RATIONALE FOR THE STABLE OUTLOOK

While a debt restructuring exercise has become highly likely, the stable outlook reflects potential contrasted outcomes for private sector creditors. A reprofiling of some of non-commercial debt could limit losses for private bondholders. Conversely, without a reprofiling of some of the government's non-commercial debt, the losses for private sector investors in case of a default could be larger than implied by a Ca rating.

ENVIRONMENTAL, SOCIAL, GOVERNANCE CONSIDERATIONS

Environmental considerations are material to Zambia's rating and weigh on its economic strength as weather conditions significantly impact agricultural sector and electricity generation, given the country's high reliance on hydropower.

Social considerations inform our assessment of Zambia's credit profile, given very low wealth levels, with a low GDP per capita in our sovereign rated universe, high levels of poverty and inequality. The UN's Human Development Index 2019 ranking is also relatively low, while high unemployment rate, especially among the youth, remains a key challenge, exacerbating the risk of social discontent.

Governance considerations are material to Zambia's rating. They are a driver of today's rating actions and have driven previous rating actions. Zambia faces significant institutional challenges in the areas of government effectiveness, rule of law and control of corruption. Fiscal policy has been ineffective in addressing the mounting challenge stemming from rapidly increasing debt.

FACTORS THAT COULD LEAD TO AN UPGRADE OR DOWNGRADE OF THE RATING

WHAT COULD CHANGE THE RATING UP

Zambia's credit fundamentals will likely remain very weak for the foreseeable future. Smaller losses for private sector creditors than currently implied by the Ca rating as part of a debt restructuring could lead to a higher rating.

WHAT COULD CHANGE THE RATING DOWN

Conversely, a lower rating would result from an increased likelihood that investors will face larger losses than implied by the current Ca rating as part of a debt restructuring that would be considered a default under Moody's definition.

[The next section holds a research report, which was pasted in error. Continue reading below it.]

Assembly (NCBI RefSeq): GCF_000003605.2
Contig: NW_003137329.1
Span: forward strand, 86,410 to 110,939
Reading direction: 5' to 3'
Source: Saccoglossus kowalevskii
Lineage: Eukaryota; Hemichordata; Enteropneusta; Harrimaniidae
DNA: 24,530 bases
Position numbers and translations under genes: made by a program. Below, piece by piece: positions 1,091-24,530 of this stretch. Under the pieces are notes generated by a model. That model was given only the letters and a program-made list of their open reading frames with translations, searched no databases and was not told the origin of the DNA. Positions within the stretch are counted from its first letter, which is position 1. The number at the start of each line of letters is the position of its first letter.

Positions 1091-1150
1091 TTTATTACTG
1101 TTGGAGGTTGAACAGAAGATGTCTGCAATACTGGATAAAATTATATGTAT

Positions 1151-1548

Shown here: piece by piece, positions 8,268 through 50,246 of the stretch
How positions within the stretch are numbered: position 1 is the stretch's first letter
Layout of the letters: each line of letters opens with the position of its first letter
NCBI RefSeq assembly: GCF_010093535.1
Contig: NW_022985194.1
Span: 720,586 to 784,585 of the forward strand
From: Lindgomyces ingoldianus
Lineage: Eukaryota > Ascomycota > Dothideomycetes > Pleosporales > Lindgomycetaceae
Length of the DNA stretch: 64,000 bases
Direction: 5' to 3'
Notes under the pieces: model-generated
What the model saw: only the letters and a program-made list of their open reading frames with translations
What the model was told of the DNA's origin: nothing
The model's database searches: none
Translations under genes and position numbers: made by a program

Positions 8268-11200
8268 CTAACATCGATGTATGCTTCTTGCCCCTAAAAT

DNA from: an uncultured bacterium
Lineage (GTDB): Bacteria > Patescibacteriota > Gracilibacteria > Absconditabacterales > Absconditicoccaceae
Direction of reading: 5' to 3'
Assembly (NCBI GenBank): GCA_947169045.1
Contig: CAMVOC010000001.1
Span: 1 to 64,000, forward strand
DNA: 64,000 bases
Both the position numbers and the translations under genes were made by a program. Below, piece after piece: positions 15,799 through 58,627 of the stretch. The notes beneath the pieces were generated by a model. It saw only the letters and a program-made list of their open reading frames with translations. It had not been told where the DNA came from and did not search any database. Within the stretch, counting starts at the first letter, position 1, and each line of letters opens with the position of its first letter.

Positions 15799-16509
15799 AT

GDP per capita (PPP basis, US$): 4,118 (2018 Actual) (also known as Per Capita Income)

Real GDP growth (% change): 4% (2018 Actual) (also known as GDP Growth)

Inflation Rate (CPI, % change Dec/Dec): 7.9% (2018 Actual)

Gen. Gov. Financial Balance/GDP: -7.5% (2018 Actual) (also known as Fiscal Balance)

Current Account Balance/GDP: -1.3% (2018 Actual) (also known as External Balance)

External debt/GDP: [not available]

Economic resiliency: b3

Default history: No default events (on bonds or loans) have been recorded since 1983.

On 31 March 2020, a rating committee was called to discuss the rating of the Zambia, Government of. The main points raised during the discussion were: The issuer's institutions and governance strength, have materially decreased. The issuer's fiscal or financial strength, including its debt profile, has materially decreased. The issuer has become increasingly susceptible to event risks. Other views raised included: The issuer's economic fundamentals, including its economic strength, have not materially changed.

The principal methodology used in these ratings was Sovereign Ratings Methodology published in November 2019 and available at https://www.moodys.com/researchdocumentcontentpage.aspx?docid=PBC_1158631. Alternatively, please see the Rating Methodologies page on www.moodys.com for a copy of this methodology.

The weighting of all rating factors is described in the methodology used in this credit rating action, if applicable.

REGULATORY DISCLOSURES